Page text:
Named for the Italian town in which this philosophy originated, the Reggio Emilia Approach focuses mostly on early childhood education. Although no “Reggio-inspired” classroom or home will look exactly alike, they are influenced by a few core ideals. Children are viewed as competent, curious, and interested in connecting to the world around them. Teachers document students’ work (through a variety of means including observations, video, or visual mediums like paint), then track what the students are learning and develop ideas for expansion. The Reggio approach focuses strongly on working in groups, giving equal value to all thoughts and ideas, and facilitating children’s search for knowledge.
The “traditional approach” to education, mirroring public school classrooms, views teachers as givers of knowledge, and students as receivers of it. The curriculum is designed to provide students with the foundation they will need in order to achieve their own personal goals in life. Parents use textbooks, workbooks, videos and computer programs, tests, and grading systems. This might be a time when homeschool really is an appropriate term, as this is pretty much an attempt to replicate school at home. Many families I know start using this philosophy and model and shift their approach over time, as they understand their child on a deeper level and become more confident in their abilities to guide their child on their learning journey.
Unit Studies Approach
The Unit Study Method builds a variety of topics around a common theme rather than teaching each subject as separate courses. A unit-study homeschool might use pre-planned studies, or create their own based on their children’s interests. This method lends itself to aspects of project-based education, multi-age education, and open-ended exploration and learning.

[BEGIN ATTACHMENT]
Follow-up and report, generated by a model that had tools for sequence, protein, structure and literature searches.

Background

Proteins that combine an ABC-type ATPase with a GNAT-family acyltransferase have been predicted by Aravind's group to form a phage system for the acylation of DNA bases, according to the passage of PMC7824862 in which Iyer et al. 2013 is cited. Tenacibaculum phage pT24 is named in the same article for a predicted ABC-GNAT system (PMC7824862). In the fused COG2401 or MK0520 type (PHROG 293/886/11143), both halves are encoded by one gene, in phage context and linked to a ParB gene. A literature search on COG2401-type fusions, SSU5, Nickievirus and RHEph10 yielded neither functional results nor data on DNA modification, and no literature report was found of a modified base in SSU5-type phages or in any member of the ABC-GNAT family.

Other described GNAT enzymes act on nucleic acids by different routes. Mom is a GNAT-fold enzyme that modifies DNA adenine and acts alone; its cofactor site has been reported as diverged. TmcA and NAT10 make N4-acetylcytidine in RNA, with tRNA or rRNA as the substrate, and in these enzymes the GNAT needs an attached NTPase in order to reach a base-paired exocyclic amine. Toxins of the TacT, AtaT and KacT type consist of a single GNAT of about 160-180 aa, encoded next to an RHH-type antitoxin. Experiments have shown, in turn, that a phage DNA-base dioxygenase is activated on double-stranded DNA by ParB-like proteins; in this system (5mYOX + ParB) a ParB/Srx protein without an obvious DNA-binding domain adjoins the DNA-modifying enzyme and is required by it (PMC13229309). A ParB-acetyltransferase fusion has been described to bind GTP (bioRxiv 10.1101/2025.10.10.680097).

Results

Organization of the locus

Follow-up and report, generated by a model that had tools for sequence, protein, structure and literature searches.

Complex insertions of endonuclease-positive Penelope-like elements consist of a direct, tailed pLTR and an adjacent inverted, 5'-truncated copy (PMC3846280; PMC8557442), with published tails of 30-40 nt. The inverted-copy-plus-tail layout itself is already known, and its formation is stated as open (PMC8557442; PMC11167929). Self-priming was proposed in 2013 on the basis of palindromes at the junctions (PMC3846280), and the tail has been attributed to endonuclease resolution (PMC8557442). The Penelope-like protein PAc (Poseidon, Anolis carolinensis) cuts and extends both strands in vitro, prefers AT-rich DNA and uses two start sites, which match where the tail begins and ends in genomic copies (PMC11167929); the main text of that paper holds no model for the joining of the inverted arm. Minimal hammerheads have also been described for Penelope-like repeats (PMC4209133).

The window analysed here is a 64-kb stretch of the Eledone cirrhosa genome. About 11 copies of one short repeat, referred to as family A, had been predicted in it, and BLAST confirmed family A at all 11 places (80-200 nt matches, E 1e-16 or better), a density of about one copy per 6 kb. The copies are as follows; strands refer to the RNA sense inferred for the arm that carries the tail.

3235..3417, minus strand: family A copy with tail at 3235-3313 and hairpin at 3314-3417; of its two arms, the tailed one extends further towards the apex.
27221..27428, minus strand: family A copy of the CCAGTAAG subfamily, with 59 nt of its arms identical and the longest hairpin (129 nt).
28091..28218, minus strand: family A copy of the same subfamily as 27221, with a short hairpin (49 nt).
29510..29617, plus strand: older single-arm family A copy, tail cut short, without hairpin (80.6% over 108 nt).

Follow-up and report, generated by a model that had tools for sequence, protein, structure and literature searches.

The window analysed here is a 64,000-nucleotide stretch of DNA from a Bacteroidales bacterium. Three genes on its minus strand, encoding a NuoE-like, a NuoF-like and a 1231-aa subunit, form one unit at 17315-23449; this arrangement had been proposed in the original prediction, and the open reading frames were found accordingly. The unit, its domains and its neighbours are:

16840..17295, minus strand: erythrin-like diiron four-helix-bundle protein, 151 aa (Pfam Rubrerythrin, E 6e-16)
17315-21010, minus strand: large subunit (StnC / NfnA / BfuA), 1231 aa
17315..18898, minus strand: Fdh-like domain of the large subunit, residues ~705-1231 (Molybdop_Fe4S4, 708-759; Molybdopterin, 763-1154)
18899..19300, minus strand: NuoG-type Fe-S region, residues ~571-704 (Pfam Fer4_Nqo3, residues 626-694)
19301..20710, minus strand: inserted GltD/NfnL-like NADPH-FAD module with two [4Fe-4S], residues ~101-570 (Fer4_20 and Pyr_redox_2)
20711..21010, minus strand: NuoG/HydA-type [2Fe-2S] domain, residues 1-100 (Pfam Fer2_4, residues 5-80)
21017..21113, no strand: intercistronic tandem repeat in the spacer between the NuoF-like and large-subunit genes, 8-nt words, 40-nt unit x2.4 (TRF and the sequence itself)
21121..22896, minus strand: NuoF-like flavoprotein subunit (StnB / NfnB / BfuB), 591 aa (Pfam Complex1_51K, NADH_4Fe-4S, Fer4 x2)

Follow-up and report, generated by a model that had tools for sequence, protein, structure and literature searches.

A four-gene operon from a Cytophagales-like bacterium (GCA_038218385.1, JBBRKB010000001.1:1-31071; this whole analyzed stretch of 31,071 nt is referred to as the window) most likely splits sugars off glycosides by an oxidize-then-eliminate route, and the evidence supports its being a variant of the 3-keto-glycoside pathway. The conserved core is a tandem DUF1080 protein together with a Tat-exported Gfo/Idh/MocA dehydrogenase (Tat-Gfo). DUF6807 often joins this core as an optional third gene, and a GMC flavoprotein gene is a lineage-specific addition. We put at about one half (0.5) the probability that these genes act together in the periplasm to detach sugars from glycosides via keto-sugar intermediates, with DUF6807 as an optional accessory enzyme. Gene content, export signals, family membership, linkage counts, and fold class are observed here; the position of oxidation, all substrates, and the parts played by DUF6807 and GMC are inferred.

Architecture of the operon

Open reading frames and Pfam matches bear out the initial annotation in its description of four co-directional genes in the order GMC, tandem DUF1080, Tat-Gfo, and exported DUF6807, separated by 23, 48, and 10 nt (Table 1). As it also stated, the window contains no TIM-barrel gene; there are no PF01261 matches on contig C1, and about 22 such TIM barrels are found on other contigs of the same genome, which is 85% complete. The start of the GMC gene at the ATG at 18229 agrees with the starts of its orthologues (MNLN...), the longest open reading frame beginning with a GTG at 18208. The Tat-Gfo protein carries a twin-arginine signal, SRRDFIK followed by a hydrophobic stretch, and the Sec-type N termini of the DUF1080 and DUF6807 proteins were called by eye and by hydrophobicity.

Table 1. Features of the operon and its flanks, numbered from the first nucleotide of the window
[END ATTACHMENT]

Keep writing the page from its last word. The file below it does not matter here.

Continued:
Unschooling Approach (a varient of child-led learning)
This education model is—in my opinion—often misunderstood. Founded by John Holt (1923-1985), unschoolers believe that children will best learn academics, in the same manner, they learn to walk and talk: naturally. It doesn’t mean that children are uneducated; it refers to the fact that parents don’t use curriculum or formal lesson plans. Unschoolers are encouraged to follow their interests, and learning occurs through daily life experiences and interactions. You may also hear the terms delight learning or child-led learning and, while similar, there are some differences in these approaches. Learn more about the homeschooling vs unschooling debate.
Waldorf Education follows the ideas of Austrian philosopher and social reformer Rudolf Steiner (1861-1925). This model posits that children pass through the same developmental stages, and it’s the role of the teacher to guide learning during these stages. The earliest stage focuses on creative play and moral principles. The second stage spans childhood to puberty, and focuses on a child’s emotional development by way of creative expression and cooperation. The third stage guides students into independent thinking and their own personal way of interacting with the world.
I grew up partly as a world schooler but only discover the term a few years ago, well into my adult years. I love this term as it applies to anyone who uses the world as their “classroom”. Most people probably picture nomad families adventuring from county to country (as was the case with my family) but other families who embrace this term (such as I do with my son) do so from a solid home base. If you are intentionally and actively seeking out learning opportunities in the world around where you live, you are, at least partially, worldschooling!